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Saki Corporation, an innovator in the field of automated optical and X-ray inspection and measurement equipment, introduces a compact, lightweight, inline 3D-CT automated X-ray inspection machine, the 3Xi-M110, for inspection of printed circuit board assemblies (PCBAs). The 3Xi-M110 reduces the dose and exposure to X-rays during inspection and features new soldering quality inspection functions for PCB assembly applications. Saki will demonstrate the PCB inspection capabilities of the 3Xi-M110 at productronica 2019, being held in Munich, Germany from November 12-15, in stand A2.259.
Saki's new X-ray inspection system ensures the quality of hidden solder joints for bottom-electrode packages, such as BGAs, LGAs, and QFNs, which are found in advanced embedded devices, telecommunications, and automotive products. Saki's Planar Computed Tomography (PCT) provides precise volumetric measurements and shape reconstruction to find voids, head-in-pillow (HiP), and other defects that are extremely difficult to identify.
The 3Xi-M110 hardware platform is 1,380mm wide and weighs 3,100kg, making it 40% lighter and reducing its footprint by 25% over its predecessor. Manufacturing floorspace is saved, it's easy to install, and production-line operation is significantly improved. Although the cast iron frame is lighter in weight, it maintains the rigidity needed for stable operation and accuracy, while the imaging range has been optimized to handle board sizes up to 360 x 330mm (W x L). For larger 360 x 510mm (W x L) boards, 2-step image capture is available.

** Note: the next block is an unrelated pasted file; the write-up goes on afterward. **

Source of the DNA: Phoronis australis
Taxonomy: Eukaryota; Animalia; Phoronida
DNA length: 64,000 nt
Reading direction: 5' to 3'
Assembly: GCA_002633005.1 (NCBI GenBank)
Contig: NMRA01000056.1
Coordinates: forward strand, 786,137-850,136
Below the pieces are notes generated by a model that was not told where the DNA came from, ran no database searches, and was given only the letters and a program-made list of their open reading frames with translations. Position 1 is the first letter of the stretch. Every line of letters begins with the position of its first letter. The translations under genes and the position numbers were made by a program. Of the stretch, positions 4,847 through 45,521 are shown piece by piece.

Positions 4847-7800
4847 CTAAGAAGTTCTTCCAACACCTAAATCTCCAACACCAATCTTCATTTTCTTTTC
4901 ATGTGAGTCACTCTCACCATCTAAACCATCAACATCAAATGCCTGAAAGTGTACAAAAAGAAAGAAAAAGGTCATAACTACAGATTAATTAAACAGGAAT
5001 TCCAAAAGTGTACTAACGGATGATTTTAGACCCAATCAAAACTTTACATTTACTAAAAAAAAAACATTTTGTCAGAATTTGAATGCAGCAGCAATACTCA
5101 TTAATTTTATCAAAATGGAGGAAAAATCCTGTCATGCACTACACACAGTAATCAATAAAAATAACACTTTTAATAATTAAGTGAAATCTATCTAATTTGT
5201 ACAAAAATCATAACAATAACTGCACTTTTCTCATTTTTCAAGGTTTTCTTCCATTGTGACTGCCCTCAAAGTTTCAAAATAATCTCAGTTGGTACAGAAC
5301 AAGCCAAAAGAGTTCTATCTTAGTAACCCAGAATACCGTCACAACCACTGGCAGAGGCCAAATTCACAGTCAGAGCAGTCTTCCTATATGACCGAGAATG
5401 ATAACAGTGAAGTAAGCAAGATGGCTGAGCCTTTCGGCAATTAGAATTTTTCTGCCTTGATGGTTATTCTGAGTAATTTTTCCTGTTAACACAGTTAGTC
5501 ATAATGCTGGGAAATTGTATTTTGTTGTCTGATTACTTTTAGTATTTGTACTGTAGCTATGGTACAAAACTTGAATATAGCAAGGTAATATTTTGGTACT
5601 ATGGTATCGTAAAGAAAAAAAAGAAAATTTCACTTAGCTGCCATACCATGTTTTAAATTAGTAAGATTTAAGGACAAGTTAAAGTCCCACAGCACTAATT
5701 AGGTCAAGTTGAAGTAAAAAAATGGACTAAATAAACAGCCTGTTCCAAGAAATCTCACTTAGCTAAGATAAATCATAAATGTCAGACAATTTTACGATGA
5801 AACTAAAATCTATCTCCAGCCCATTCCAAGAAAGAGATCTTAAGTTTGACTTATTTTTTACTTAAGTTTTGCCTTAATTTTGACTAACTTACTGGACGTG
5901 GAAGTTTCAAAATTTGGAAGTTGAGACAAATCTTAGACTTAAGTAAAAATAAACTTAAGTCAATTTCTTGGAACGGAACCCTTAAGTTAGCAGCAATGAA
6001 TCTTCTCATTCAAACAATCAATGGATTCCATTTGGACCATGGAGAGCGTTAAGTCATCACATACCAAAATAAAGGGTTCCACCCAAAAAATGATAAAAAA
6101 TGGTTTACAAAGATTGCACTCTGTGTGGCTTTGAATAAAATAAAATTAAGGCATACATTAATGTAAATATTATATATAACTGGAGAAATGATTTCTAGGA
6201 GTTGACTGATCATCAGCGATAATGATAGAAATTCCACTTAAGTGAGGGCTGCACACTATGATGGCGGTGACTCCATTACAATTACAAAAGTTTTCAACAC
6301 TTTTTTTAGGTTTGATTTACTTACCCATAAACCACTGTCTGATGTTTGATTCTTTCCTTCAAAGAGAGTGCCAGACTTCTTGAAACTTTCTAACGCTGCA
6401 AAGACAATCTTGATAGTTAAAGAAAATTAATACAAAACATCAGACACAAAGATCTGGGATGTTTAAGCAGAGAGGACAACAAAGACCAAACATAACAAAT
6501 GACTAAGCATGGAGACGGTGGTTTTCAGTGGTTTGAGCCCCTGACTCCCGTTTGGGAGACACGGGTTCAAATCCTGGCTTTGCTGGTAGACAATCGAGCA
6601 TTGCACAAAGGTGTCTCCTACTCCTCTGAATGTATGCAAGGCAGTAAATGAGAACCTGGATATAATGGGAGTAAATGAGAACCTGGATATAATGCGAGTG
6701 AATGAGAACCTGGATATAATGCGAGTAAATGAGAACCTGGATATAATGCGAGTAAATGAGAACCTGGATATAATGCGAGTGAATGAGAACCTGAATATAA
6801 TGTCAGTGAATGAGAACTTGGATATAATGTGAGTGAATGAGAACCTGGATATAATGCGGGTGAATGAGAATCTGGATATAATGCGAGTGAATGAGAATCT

The 3Xi-M110 delivers exceptional speed and accuracy by utilizing a double motor-driven system equipped with a high-precision linear scale manufactured by Magnescale Co., Ltd. to optimize power and precision. Saki's enhanced PCT technology algorithm improves image capture speed by 30%, reducing production-line takt time.
One of the most significant features of the new system is Saki's revolutionary X-ray tube, which can reduce X-ray exposure up to 70% by powering on the X-rays only at the moment of image capture. An exposure dose simulator allows the user to monitor the radiation dose. Based on that information, the method and magnification for releasing the X-rays can be set. The new X-ray tube design does not require periodic maintenance or spare parts, and the built-in monitoring system reports when the tube needs replacing.
"In the automotive and communications industries, where quality assurance is important, the effectiveness of high-precision, high-quality PCB X-ray inspection has become critical," said Masahide Iino, director and head of the sales division of Saki Corporation. "Saki will continue to respond to the needs of the market by leveraging the accumulated knowledge and experience it has gained through its history as a leading innovator in the field of 2D/3D automated optical inspection and X-ray inspection."
For more information on the 3Xi-M110, please contact Saki at firstname.lastname@example.org, or visit our website at www.sakicorp.com or www.sakiglobal.com.